# top chern class

Let $E\to M$ be a holomorphic vector bundle ($M$ is compact) and assume $s\colon M\to E$ is a non-trivial section transverse to the zero section.

Is it be possible that $s^{-1}(0)\neq \emptyset$, yet $c_{top}(E)=0$?

I exect the answer to be NO. If $M$ is Kahler, integrating the Kahler form on $s^{-1}(0)$ shows that it is homologically non-trivial. But how do you prove it for general complex manifold or without using the Kahler form.

• The 'diagonal section of the trivial line bundle on $\mathbb C$ gives an example, no? Dec 18 '13 at 2:01
• I should have said M is compact. Dec 18 '13 at 4:13
• I suggest looking at the Hironaka twist, an example of a non-projective smooth proper threefold (Hartshorne B 3.4.1). It has two smooth disjoint curves $M_1$ and $M_2$ with the property that $M_1+M_2$ is numerically trivial. It could be possible to construct a rank 2 vector bundle $E$ with a section $s$ whose zero scheme is $M_1+M_2$. Dec 18 '13 at 4:43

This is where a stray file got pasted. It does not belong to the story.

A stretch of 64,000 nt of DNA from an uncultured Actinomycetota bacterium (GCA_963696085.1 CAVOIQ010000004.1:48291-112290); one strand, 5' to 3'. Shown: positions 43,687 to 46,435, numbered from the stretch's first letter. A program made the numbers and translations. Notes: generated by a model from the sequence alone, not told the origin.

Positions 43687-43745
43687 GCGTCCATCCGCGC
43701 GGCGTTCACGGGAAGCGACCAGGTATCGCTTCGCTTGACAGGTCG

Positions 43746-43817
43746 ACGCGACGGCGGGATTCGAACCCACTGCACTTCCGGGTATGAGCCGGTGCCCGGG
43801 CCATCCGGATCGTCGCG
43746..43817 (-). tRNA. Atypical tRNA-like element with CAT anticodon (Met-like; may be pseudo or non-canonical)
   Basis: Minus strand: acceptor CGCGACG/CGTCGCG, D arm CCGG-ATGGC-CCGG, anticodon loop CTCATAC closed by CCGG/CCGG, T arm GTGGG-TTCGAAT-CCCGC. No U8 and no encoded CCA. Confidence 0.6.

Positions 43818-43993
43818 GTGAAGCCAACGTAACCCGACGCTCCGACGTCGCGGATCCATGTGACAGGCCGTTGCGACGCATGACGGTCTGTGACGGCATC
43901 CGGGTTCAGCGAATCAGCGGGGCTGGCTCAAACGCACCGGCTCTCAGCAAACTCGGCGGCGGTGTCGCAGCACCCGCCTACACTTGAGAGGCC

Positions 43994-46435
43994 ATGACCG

• @user20497: Aren't the Chern classes $c_k$ defined in $H^{2k}(X,\mathbb{Z})$? Maybe the class of $D$ is a torsion class in $H^2(X,\mathbb{Z})$. Dec 19 '13 at 13:48
• @Jason You're right. But here is another example, hope it works: it's a primary Hopf surface $X$, Harvey and Lawson call it of class $0$ in their 1983 Inventiones paper. There exists a smooth elliptic curve $T\subset X$ such that $[T]$ (the current induced by integrating on $T$) is $d$-exact. The Hopf surface is $S^3\times S^1$ from the differential point of view, so there is no torsion in $H^*(X,{\mathbb Z})$. The line bundle $E={\mathcal O}_X(T)$ associated to $T$ satisfies $c_1(E)=0\in H^2(X,{\mathbb Z})$. Probably the non-Kahler elliptic surfaces have the same property. Dec 19 '13 at 16:24

Take a Hopf surface $H$, projected to ${\Bbb C}P^1$ with fibers elliptic curves, and let $L=\pi^* O(1)$ be a pullback of $O(1)$ from ${\Bbb C}P^1$ to $H$. Since $H=S^3\times S^1$, all line bundles are topologically trivial, but $L$ has sections (pulled back from ${\Bbb C} P^1$) vanishing somewhere on $H$.